Experts in the field not involved in the research stressed in statements to the Science Media Center that the study is preliminary and featured a small number of participants. They agreed it is safe for women to take the pill, and they should not be concerned by these findings.

Stephen Evans, professor of pharmacoepidemiology at the U.K's London School of Hygiene and Tropical Medicine, argued research with a relatively small sample size which claims to find a dramatic difference in participants "should be treated extremely cautiously."

He said: "It is likely that the play of chance in the findings has been underestimated. Women who are using oral contraceptives and those who are not differ in many ways that do not relate to their oral contraceptive use.

"It is not clear how similar the users and non-users of oral contraceptives were in regards to age, education, smoking, alcohol use or potentially many other factors, and it seems to be unknown if these affect the MRI results."

Evans added: "Oral contraceptives are among the most carefully studied medicines and their adverse and beneficial effects are very well known. While investigation of effects seen on MRI may be worth pursuing, this study should not be used to change any woman's oral contraceptive use or planned use."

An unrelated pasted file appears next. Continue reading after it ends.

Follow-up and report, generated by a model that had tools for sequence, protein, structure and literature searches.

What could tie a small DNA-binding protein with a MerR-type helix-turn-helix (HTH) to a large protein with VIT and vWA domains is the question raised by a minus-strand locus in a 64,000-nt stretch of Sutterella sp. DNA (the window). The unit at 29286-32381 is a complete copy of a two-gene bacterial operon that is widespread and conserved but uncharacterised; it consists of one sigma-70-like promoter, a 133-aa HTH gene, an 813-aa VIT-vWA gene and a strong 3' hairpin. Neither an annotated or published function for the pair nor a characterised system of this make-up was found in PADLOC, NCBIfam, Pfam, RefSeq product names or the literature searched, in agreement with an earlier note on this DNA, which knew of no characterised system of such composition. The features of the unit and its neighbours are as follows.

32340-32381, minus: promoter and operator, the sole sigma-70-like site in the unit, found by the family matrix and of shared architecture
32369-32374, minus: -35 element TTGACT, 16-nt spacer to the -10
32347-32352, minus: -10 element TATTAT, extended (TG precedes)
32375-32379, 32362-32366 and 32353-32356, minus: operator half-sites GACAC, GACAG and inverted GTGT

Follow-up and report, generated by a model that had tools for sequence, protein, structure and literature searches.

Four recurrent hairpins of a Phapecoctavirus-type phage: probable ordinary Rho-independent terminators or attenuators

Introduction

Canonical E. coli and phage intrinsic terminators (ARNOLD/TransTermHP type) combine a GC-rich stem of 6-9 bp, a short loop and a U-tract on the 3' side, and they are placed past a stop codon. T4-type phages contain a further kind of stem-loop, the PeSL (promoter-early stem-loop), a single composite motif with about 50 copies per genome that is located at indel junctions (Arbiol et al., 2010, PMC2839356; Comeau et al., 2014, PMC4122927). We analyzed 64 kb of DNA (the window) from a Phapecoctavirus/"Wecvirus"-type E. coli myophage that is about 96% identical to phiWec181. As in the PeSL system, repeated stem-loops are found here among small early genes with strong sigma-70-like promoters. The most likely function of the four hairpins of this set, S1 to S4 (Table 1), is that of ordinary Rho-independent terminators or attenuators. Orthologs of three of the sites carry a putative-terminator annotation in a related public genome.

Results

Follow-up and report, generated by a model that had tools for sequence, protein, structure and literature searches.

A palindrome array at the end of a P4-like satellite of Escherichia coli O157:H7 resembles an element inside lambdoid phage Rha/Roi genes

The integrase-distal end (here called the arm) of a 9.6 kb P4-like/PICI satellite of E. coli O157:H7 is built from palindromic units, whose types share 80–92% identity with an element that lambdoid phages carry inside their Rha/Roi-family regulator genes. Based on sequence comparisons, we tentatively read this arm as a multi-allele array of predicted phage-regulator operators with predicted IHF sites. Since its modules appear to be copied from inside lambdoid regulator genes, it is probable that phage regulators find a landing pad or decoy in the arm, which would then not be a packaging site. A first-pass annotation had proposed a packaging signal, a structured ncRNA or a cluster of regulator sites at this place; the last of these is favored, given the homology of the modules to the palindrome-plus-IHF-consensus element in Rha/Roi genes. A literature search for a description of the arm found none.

birth control, contraceptive, getty, stock
A stock image shows packets of birth control pills. Scientists have researched the effects the drugs might have on the brain. Getty

Dr. Ali Abbara, clinical senior lecturer in reproductive endocrinology at Imperial College London, U.K., said: "The birth control pill works in part by reducing the normal secretion of reproductive hormones from the hypothalamus, thus this finding is not surprising and would likely spontaneously reverse following cessation of the pill.

Derek Hill, professor of medical Imaging at UCL, U.K., commented: "Results like this are intriguing but must be treated with caution."

He explained small studies as susceptible to false positives, where random findings that would disappear in larger samples of people appear falsely meaningful.

"If the difference in volume is real, it doesn't mean that the contraceptive pill has damaged the brain," Hill said. "A study like this tells us about associations between factors, not causation. And even if a drug does make a part of the brain smaller that could be due to a change in fluid in that region rather than any damage to the brain cells themselves."

Christopher Petkov, professor of comparative neuropsychology at Newcastle University, U.K., said: "I would be very careful about concluding that oral contraceptive use is associated with smaller hypothalamic volumes from this preliminary work being presented at a scientific meeting for the authors to discuss with the scientific community as they work towards completing their study."

He also suggested: "It may be that there is self-selection influencing the results, whereby individuals who happen to have smaller hypothalamus volumes also happen to take oral contraceptives, so causality cannot be assumed or established and the work is thus exploratory.